Palo Alto residents can expect water-use regulations and water-saving ethics to persist despite the heavy downpours in the recent months as recommended by the city.
Palo Alto’s water supply is largely dependent on the San Francisco Public Utilities Commission, SFPUC, which receives its water through the Hetch-Hetchy reservoir and distribution system in California’s Yosemite National Park.
Catherine Elvert, Palo Alto Utilities Communication Manager, said that Palo Alto is currently at a zero percent water conservation target due to the recent weather. “State resources have been filling up and they’ve been brimming with water,” Elvert said. “Reservoirs up in the Sierra Nevada are in a pretty good shape.”
However, Elvert, along with the Palo Alto Utility Department believe that the practice of saving water should be practiced on a day to day basis. “We like to remind people that regardless of drought conditions, California itself is perpetually in a semi arid state,” Elvert said. “San Francisco voluntarily sets goals to conserve at least 10 percent [of their water]…[in order to] maintain a water supply for a multi year drought we have permanent water use regulations.”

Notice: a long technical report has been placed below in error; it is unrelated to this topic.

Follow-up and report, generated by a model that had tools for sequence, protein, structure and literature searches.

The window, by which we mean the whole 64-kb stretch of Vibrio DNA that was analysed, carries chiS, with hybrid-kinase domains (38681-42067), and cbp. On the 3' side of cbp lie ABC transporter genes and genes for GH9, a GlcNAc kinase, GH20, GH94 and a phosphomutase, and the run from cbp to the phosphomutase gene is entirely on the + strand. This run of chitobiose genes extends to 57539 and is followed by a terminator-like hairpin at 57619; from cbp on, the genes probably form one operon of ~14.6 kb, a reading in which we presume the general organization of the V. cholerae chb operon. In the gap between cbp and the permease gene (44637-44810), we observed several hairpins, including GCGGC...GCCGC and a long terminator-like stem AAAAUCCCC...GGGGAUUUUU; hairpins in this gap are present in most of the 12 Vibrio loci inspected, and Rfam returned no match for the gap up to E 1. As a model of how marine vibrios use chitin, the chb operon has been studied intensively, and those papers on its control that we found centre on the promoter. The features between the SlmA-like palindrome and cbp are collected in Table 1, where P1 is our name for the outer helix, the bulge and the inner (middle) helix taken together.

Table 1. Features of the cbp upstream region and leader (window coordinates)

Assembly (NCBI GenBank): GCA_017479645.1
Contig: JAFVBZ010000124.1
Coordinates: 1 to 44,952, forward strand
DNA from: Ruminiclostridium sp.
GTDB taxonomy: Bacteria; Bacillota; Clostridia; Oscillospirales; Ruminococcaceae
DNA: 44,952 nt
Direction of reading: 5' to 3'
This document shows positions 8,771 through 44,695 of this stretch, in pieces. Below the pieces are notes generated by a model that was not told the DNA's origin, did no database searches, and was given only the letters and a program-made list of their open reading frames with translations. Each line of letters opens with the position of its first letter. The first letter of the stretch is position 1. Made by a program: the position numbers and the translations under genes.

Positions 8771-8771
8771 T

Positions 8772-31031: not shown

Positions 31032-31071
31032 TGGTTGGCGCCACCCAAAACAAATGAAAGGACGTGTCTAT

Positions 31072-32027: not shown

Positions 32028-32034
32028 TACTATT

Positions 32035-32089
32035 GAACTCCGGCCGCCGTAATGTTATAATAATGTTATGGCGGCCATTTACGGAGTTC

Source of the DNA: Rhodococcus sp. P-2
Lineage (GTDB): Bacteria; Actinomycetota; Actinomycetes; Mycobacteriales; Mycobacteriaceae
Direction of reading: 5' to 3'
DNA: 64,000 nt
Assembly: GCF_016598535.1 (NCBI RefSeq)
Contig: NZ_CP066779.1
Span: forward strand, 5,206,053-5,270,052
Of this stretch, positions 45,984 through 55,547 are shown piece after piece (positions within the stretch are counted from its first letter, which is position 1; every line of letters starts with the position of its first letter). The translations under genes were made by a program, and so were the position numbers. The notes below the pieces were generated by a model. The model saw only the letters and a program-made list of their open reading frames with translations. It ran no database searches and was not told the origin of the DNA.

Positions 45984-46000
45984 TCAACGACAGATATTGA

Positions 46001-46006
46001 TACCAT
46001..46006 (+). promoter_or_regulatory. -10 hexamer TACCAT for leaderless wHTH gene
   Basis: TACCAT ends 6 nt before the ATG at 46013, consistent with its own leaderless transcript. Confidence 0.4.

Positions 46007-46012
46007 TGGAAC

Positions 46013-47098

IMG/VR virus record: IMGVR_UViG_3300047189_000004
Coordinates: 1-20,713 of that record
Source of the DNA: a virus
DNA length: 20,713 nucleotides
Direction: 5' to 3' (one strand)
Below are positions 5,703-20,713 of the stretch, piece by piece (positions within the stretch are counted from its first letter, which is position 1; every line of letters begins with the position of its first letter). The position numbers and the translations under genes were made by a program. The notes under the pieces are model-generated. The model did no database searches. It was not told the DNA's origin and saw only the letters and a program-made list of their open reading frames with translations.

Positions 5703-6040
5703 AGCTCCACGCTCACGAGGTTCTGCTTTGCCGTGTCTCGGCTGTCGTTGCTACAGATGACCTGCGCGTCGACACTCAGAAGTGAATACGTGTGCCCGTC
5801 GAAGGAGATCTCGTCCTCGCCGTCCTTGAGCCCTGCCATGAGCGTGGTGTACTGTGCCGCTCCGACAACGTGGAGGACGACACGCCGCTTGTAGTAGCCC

Regarding the numerous state and city regulations concerning lawn and garden maintenance, Elvert advocates taking little actions like purchasing native plants that are water-conservation friendly and irrigating your garden only when necessary rather than following a predetermined and often unnecessary schedule.
To ensure the safety of residents during rainy months, Elvert recommends a number of convenient sources. These include signing up for alertSCC, an emergency alert system used throughout the Santa Clara County that sends warnings through text messages, along with the Palo Alto Police Department’s twitter @PaloAltoPolice, to receive regular storm and flood updates.